Further, if people don't want to buy things for gold, or ron paul dollars, or bananas, then as much as you might want to make them do so, it's the most antilibertarian rule imaginable to compel them to do so. If people don't want to do business with someone mandating payment in gold, and he goes broke, that's a pure example of the market working.
11.11.2008 6:45pm
John W (mail):
Or to put it another way, if market choice favored using bananas as money, how would we find out? We'd try to sell things for bananas, and we'd do well. If market choice favored gold, people would buy things in gold. There's no reason stopping them except for the fact that people want to use dollars as money, and don't want to use gold as money.
11.11.2008 6:47pm
byomtov (mail):
Wendy McElroy posted a link to an article about Congressional hearings giving the soapbox to some group that wants to confiscate private retirement funds and place them under the control of the SS Administration, in order to "protect" us from the vagaries of the market. This is too serious to chuckle about the obvious irony of the feds mucking around in financial markets and causing a crash, then proposing to protect us from their own depredations.

Get back to us when this is a serious proposal, say around the year 2359.
11.11.2008 8:15pm
John S. (mail):
<i>If market choice favored gold, people would buy things in gold. There's no reason stopping them except for the fact that people want to use dollars as money, and don't want to use gold as money.</i>

One small technical point on this. President Ford's repeal of the prohibition on owning gold did not release the prohibition of using gold as currency. Quoted from wikipedia:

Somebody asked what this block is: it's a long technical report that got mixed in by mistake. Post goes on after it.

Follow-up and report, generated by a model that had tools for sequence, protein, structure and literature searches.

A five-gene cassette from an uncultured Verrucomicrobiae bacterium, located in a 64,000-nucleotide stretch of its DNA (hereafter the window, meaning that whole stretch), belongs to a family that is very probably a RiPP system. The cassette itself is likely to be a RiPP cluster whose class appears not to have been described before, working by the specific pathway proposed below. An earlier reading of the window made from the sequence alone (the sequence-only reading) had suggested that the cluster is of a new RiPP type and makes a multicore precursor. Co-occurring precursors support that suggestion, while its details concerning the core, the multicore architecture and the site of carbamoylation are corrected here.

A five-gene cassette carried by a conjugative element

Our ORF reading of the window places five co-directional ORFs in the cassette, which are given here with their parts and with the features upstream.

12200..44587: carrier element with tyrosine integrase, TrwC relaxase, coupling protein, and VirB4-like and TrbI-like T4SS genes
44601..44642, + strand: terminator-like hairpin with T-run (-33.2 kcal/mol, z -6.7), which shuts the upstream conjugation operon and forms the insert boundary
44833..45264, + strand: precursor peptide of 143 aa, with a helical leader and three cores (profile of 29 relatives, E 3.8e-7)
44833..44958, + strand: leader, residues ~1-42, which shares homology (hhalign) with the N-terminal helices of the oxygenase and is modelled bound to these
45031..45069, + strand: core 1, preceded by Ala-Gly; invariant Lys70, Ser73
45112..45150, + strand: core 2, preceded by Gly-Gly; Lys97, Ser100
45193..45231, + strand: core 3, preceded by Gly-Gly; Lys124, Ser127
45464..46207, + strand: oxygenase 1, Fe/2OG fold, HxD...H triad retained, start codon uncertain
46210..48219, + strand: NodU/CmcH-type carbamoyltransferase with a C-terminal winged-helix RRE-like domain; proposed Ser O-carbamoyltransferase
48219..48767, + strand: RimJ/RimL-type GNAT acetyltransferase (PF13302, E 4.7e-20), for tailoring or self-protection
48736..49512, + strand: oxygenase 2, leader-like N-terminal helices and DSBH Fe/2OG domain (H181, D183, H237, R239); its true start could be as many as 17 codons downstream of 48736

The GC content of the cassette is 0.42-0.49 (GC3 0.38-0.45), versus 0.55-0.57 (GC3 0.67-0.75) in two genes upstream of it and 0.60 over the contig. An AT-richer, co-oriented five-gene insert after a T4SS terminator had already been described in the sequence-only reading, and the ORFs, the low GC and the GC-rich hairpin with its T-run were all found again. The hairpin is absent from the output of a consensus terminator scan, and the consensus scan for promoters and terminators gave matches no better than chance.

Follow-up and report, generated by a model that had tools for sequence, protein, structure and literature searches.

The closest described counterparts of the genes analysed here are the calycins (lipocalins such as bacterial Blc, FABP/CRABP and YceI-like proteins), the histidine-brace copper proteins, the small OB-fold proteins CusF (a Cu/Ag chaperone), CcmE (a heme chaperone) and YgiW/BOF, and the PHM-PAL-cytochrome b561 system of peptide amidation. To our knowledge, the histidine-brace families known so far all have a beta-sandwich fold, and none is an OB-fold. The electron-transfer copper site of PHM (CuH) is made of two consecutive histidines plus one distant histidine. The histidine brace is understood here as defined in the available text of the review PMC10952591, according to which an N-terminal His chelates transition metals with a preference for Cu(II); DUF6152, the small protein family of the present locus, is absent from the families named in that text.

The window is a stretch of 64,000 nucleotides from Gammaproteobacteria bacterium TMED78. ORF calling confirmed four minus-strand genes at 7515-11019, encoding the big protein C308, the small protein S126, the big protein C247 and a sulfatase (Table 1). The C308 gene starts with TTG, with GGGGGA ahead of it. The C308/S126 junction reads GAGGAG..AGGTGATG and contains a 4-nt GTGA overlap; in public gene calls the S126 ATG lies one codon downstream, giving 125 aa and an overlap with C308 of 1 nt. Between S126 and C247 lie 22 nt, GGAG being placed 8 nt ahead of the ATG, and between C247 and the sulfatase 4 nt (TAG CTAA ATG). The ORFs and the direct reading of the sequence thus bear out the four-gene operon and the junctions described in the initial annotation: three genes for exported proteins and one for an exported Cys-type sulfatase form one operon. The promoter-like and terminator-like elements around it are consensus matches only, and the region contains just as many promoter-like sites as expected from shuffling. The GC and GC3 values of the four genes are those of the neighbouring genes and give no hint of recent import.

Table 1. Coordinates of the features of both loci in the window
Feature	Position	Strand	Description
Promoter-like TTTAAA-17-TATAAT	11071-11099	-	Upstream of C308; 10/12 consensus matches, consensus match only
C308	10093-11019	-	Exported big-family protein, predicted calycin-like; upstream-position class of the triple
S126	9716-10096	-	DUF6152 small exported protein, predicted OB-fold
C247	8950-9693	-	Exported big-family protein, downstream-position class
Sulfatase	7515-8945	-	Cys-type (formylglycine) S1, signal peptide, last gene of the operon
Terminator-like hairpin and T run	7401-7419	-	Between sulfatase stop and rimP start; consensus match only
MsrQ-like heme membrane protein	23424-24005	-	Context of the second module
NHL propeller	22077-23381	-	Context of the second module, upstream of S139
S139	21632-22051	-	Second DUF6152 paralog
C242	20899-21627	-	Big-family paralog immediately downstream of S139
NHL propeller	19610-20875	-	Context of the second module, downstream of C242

<i>The Gold Clause Resolution of 1933, which makes unlawful any contracts which specify payment in a fixed amount of money or a fixed amount of gold. That is, contracts are unenforceable if they use gold monetarily rather than as a commodity of trade.</i>

Gold can be traded as a commodity for commodities, goods or services, but not used as money. However, if you look at the difference in performance between T-Bills and Gold price, you get a direct indication of the free market preference for gold vs. T-Bills. T-Bills have become the strong preference in times of turmoil; right now they are returning only 0.12%.

The market prefers government intervention. To me, this should cause a logical liberatarian connundrum: Does a dogmatic liberatarian agree that the free market should be honored even when it contradicts core liberatarian values, i.e. preferring government intervention? Of course, I've never had a good handle on how Libs think, so this supposition could be completely off base.
11.11.2008 9:36pm
John W (mail):

One small technical point on this. President Ford's repeal of the prohibition on owning gold did not release the prohibition of using gold as currency. Quoted from wikipedia:

The Gold Clause Resolution of 1933, which makes unlawful any contracts which specify payment in a fixed amount of money or a fixed amount of gold. That is, contracts are unenforceable if they use gold monetarily rather than as a commodity of trade.

Well, that only seems to ban a contract that is payable in gold or currency-it doesn't seem to read to ban contracts that exchange goods or services for a fixed sum of gold. Furthermore, the wiki cite doesn't seem to refer to a current statute. All I can find offhand in the U.S.C. is as follows:


31 USC 5118:
(1) "gold clause" means a provision in or related to an obligation alleging to give the obligee a right to require payment in—
(A) gold;
(B) a particular United States coin or currency; or
(C) United States money measured in gold or a particular United States coin or currency.



But that has the proviso that:


(d) (1) In this subsection, "obligation" means any obligation (except United States currency) payable in United States money.
(2) An obligation issued containing a gold clause or governed by a gold clause is discharged on payment (dollar for dollar) in United States coin or currency that is legal tender at the time of payment. This paragraph does not apply to an obligation issued after October 27, 1977.